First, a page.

The Torch explores gender and religion in the Jewish community. Named for Deborah the Prophetess, "the woman of torches," the blog highlights the passion and fiery leadership of Jewish feminists, while evoking the powerful image of feminists "passing the torch" to a new generation. Disclaimer: All posts are contributed by third party authors. JOFA does not assume responsibility for the facts and opinions presented in them.
I grew up 100 percent Camp Ramah and United Synagogue Youth (both Conservative movement institutions), but after marrying a Modern Orthodox man, my husband and I decided to raise our family Camp Stone, Bnei Akiva and NCSY (all Orthodox). We belong to a Modern Orthodox synagogue, and my kids went to a Modern Orthodox day school.
I have loved raising my family within this community. Carpools. Camp. Shabbat meals. Cookouts. Parks. Travel. Friends who would watch my kids if I was in a bind or just needed a break. I had my village.
While some of the rigidity that comes along with community goes against my personal beliefs, I decided to simply set that aside in favor of all the beauty in Orthodox Judaism. I am constantly grateful for the halakhic boundaries that have made parenting easier. When my kids were little, they would throw a tantrum at the grocery store over a “must-have.” But if it wasn’t kosher, there was no tantrum. We would fight over too much TV, but for twenty-five hours every Shabbat there was no TV. Family dinners during the week were aspirational, but every Shabbat we ate together.
In my mind, the beauty exceeded the feminist issues that stumped me. Kol Isha, the prohibition on men hearing women sing. Mechitza, the barrier separating men and women during worship services. The marriage ceremony. And so on.
Until my son told us that he was gay.
My husband and I never wavered — not for one second — in our love and support of our son. But those first few weeks were very hard for me. I cried, a lot. I was surprised by my reaction. My head and my heart were not in sync. I did not care about people’s sexual orientation, but I hadn’t envisioned what that would look like in my own family. The family photo would look different.
In those first few weeks, I worried about my son’s friendships. I worried about his safety. I worried about his future. I worried about being a good mom. And I worried about my family’s place in our community.
Twenty-two years of making decisions based on community norms, and suddenly we were on the periphery. On the surface, no one treated us any differently. Friends and family were wonderful. But there were murmurings in the community. I heard that the school administration spoke with the faculty, asking them to keep an eye on our younger kids to make sure they were okay. Nice, yes. Naïve, totally. But no one reached out to us, the parents. Silence.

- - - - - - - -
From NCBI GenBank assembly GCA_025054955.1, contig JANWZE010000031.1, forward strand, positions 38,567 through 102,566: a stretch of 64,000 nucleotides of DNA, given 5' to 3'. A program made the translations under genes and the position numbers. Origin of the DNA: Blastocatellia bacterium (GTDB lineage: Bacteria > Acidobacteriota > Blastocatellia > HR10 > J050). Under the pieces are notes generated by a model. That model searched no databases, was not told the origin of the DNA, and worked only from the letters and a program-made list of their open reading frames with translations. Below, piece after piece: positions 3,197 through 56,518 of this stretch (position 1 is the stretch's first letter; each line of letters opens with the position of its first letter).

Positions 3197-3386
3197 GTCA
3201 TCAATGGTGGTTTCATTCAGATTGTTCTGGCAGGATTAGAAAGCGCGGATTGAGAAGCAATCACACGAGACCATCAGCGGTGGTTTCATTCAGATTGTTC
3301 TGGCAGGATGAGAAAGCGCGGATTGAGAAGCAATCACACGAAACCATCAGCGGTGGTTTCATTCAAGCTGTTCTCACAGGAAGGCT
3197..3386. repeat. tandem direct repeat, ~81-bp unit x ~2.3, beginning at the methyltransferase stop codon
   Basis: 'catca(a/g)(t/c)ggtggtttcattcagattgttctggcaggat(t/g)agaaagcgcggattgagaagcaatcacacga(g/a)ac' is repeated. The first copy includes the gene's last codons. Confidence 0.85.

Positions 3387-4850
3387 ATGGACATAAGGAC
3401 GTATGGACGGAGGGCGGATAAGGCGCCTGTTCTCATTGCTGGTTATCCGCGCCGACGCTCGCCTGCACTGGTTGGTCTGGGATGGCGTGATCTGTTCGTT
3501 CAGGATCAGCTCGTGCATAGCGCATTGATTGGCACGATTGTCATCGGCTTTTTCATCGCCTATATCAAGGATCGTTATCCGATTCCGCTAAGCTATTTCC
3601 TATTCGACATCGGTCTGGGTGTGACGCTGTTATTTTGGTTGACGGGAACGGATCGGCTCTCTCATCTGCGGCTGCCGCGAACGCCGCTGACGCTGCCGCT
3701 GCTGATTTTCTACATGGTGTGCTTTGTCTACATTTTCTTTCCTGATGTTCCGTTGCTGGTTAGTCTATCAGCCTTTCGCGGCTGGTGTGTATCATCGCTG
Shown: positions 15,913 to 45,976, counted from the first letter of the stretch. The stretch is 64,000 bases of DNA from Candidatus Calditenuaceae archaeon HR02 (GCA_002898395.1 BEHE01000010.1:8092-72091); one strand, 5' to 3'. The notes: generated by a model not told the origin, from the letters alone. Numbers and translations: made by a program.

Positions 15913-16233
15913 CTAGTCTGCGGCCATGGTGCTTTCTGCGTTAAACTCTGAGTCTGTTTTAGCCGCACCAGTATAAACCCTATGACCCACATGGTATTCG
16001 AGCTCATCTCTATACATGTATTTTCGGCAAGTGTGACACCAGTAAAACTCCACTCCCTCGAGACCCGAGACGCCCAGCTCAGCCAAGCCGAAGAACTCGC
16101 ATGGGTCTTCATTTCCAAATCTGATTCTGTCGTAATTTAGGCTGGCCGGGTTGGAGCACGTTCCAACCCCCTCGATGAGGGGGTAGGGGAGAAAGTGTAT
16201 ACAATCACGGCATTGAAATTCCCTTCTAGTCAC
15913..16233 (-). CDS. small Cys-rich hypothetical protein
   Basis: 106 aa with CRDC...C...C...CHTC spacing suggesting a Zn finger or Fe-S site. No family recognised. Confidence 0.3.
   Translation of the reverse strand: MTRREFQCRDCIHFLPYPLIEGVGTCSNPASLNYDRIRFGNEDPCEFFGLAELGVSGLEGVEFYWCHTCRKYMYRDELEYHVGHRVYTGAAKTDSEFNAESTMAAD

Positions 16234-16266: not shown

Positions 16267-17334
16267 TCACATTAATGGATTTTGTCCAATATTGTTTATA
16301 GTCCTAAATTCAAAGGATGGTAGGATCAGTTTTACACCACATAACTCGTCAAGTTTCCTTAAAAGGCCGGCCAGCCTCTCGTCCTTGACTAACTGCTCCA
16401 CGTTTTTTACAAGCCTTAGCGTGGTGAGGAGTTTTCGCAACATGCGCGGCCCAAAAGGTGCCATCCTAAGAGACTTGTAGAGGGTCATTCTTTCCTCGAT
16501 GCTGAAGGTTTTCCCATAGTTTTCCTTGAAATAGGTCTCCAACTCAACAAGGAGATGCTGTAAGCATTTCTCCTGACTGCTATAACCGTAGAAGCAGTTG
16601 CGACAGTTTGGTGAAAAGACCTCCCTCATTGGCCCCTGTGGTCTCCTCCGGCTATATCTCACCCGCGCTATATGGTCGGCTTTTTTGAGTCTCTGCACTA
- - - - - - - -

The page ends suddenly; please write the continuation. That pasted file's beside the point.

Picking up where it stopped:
I wanted to wear my new status proudly. I wanted everyone to know that my son’s sexual orientation made no difference. But it was like learning a new language. Do you tell everyone you see? Do you casually bring the conversation around? I did not want a silence that could be misconstrued for discomfort. I had my first opportunity to test my new vocabulary at a Jewish Federation meeting at my house. My daughter sent me a picture of her new piercing (nose stud). Someone sitting next to me said, “Are you okay with that?” I responded, “Oh, that is totally no big deal. My son just told us he is gay.” Well, that news blast made everyone a little uncomfortable. So the script needed to be changed. I kept working at balancing my goals of announcing the news with avoiding making other people feel uncomfortable. Over time, however, my need to fill the silence has diminished.
And as I grew more comfortable with the news of my son’s sexual orientation, my relationship with the Jewish community grew more comfortable as well. As it turns out, being on the periphery isn’t all bad; actually it’s liberating. Once my son was “out,” I felt out too. All of a sudden, I felt a little less bound by what everyone else was doing and free to make my own decisions. And I felt way more compassion for other families who seemed to be on the periphery. Families whose kids’ needs couldn’t be met by the day school. The mother dealing with whispers of, “How could that mother let that girl leave the house looking like that?” I felt more empathic now that we had joined “other.”
So how do I reconcile the religious community’s discomfort with my son’s sexual orientation? I don’t. And I am not worried. I am optimistic and hopeful that my son, his siblings, and friends are finding their own way.
My prayer for my children, and everyone’s children, is that they find a meaningful and accepting religious home for themselves. And if one doesn’t exist, that they have the courage to build it.
Susan Borison is the mother of five and the editor of Your Teen Magazine, a magazine for parents of teenagers.
Pronounced: shuh-BAHT or shah-BAHT, Origin: Hebrew, the Sabbath, from sundown Friday to sundown Saturday.